Brad, Brad World's Brad Goreski on Styling at the Golden Globes, His Fashion Icons
Something of a fashion icon himself - he typically steps out in heavy Oliver Peoples black specs frames with a preppy-hipster combo of bow tie, Oxford shirt, fitted blazer and pop-of-color cropped skinny jeans - Goreski, 34, moved from Port Perry, Ontario, to Los Angeles a decade ago. He'd done internships at Vogue and W and set his sights on becoming an independent fashion stylist, someone who shops and picks out clothes for stars who need help dressing up for red carpets.
Chubby as a kid, Goreski says he survived childhood bullying and hopes his TV show and his new book out in February, Born to Be Brad: My Life and Style So Far (co-authored with Theater Geek writer Mickey Rapkin), add to the chorus of "it gets better" messages.
We had more questions for the adorable Mr. Goreski, so we got him on the phone.
Reality TV is notoriously hard on its stars' personal relationships. Did you and your boyfriend feel any ill effects of having cameras around during private moments?
Brad Goreski: My personal and family life is a big focus of the show, that's true. But I really wanted to show the other side of my life away from the fashion business. My great boyfriend and my family - they are the puzzle pieces that make up who I am. I'm very proud of my relationship. He's funny and charming and handsome. Sometimes people can be unkind but I've been lucky to be in a relationship with someone for 10 years who's been such a strong supporter of me in every sense.
My show is a positive representation of a gay couple at home. We have a normal life with our dogs and our family around us. That's an important thing to have out there with the increase in homophobia and the bullying going on. It's good just to show us being a normal couple.
We actually did make an agreement when he agreed to do the show with me. He has a full-time job and other life. If we weren't having fun during filming, if we were acting different in any way, we'd be honest about it. In the end of the season, I think you'll see that it brought us closer together. It was an incredible experience filming the show.
This is the start of the Hollywood "awards season." Whom are you styling for the Golden Globes and whom do you wish you were styling?
Some of my clients are Jessica Alba, Rashida Jones, Abigail Spencer, Christina Ricci, Demi. I think Emma Stone has been killing it on the red carpet. Kirsten Dunst has had a total transformation this year. She's become a modern Grace Kelly, elegant but keeping a downtown vibe. Miley Cyrus, I'd love to get my hands on her. And I love the Fannings - Dakota and Elle - they're girls I'd like to work with. Emma Watson is someone really cool and chic. And I'd love to dress Kristin Wiig. She's talented and beautiful.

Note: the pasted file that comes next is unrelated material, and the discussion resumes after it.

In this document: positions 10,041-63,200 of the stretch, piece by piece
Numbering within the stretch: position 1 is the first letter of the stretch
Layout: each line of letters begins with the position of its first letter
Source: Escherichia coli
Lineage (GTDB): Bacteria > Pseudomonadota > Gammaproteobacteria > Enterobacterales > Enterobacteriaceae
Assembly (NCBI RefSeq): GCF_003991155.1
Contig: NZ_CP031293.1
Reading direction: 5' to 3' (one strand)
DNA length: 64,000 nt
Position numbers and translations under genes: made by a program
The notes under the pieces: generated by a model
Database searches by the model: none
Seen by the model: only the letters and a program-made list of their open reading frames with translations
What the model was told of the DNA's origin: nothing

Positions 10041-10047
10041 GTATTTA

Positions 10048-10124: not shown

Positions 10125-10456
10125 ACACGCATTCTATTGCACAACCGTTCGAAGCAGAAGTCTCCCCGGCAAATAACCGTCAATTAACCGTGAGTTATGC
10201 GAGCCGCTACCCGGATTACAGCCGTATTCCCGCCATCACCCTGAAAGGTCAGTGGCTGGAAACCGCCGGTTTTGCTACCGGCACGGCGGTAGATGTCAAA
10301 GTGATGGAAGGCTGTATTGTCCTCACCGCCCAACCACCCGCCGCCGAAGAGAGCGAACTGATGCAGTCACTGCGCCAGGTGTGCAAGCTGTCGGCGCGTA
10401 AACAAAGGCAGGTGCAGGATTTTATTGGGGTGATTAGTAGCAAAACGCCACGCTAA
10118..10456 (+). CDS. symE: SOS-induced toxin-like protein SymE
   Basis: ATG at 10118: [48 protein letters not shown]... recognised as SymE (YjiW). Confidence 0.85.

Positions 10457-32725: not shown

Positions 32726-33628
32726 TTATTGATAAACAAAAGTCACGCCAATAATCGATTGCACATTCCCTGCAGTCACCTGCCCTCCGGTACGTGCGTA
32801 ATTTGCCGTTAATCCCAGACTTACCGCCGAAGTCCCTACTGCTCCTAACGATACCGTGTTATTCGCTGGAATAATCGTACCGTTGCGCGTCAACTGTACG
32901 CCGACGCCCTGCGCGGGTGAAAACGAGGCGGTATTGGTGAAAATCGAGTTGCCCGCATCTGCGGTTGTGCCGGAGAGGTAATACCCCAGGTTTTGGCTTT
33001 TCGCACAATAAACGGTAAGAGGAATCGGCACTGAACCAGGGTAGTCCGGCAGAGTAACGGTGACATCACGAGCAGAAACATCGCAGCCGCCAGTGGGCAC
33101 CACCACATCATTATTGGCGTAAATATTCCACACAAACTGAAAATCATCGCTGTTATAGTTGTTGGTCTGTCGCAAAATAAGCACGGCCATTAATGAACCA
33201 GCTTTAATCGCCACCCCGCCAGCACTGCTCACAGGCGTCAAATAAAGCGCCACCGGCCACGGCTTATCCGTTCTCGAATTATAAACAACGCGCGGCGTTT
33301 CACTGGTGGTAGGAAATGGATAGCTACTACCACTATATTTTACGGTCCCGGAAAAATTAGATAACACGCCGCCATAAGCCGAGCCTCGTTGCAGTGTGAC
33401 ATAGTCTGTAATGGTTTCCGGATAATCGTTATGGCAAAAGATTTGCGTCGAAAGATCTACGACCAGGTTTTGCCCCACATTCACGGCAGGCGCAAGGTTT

Who are some fashion icons who inspire you?
In terms of men, I get a lot of inspiration from the designers Thom Browne, Tom Ford, Michael Bastian. With celebrities, Ryan Gosling, I absolutely love. He gets it spot on every time.
I've got less than $100 to spend and want to buy one chic piece. What do I get?
The best gift for men or women right now is a denim shirt. I'm obsessed. They go with everything. A pencil skirt. A cute little blazer. I'm a big proponent of denim-on-denim. It's replaced the white shirt. It's cool and relaxed.
What's your definition of style?
A lot of people ask me to critique what other people are wearing. That's the antithesis of what I believe is style. I think how you present yourself out in the world and how you represent yourself may not be how I would see you. I believe in being bold and brave in your choices. I've worn some crazy things. If what you're wearing is making you happy on that day and you feel like you can walk out and conquer the world, that's style.
What are some trends for Spring 2012?
One my favorite brands that does a good job keeping things fresh and fun is Kate Spade [with whom he collaborates]. They do a fantastic job of being cool and fun and flirty and being really modern. Lots of glitter and color, which I'm a huge proponent of. My big mission in life is to get more color out on the street. A belt, a pair of jeans. You pick the one thing you're going to present as your color item - jeans, shirt, sweater - and then base neutrals all around that. We're seeing more of it on the streets. More guys adapting it into their wardrobe. We all want the world to be a more colorful place.
Most women aren't a size 0 like the actresses you dress. What can real-sized women learn from how stars do fashion?
My biggest thing is to give yourself some shape. Give yourself a waist with a belt. Also try to make sure that not everything is boxy and billowy. If you're wearing a long sweater, do leggings and a cropped blazer to give yourself dimensions.
Any advice for young stylists trying to break into the biz?
When I started out, I made a list of all the magazines I wanted to intern at. I got an internship at Vogue. The following summer was at W. Definitely do internships and when you're there, be willing to do anything. I juggled Jamba Juice for weeks until they let me start going to fittings. You have to learn the machine first. Set your sights high, not in the middle. Start with the best.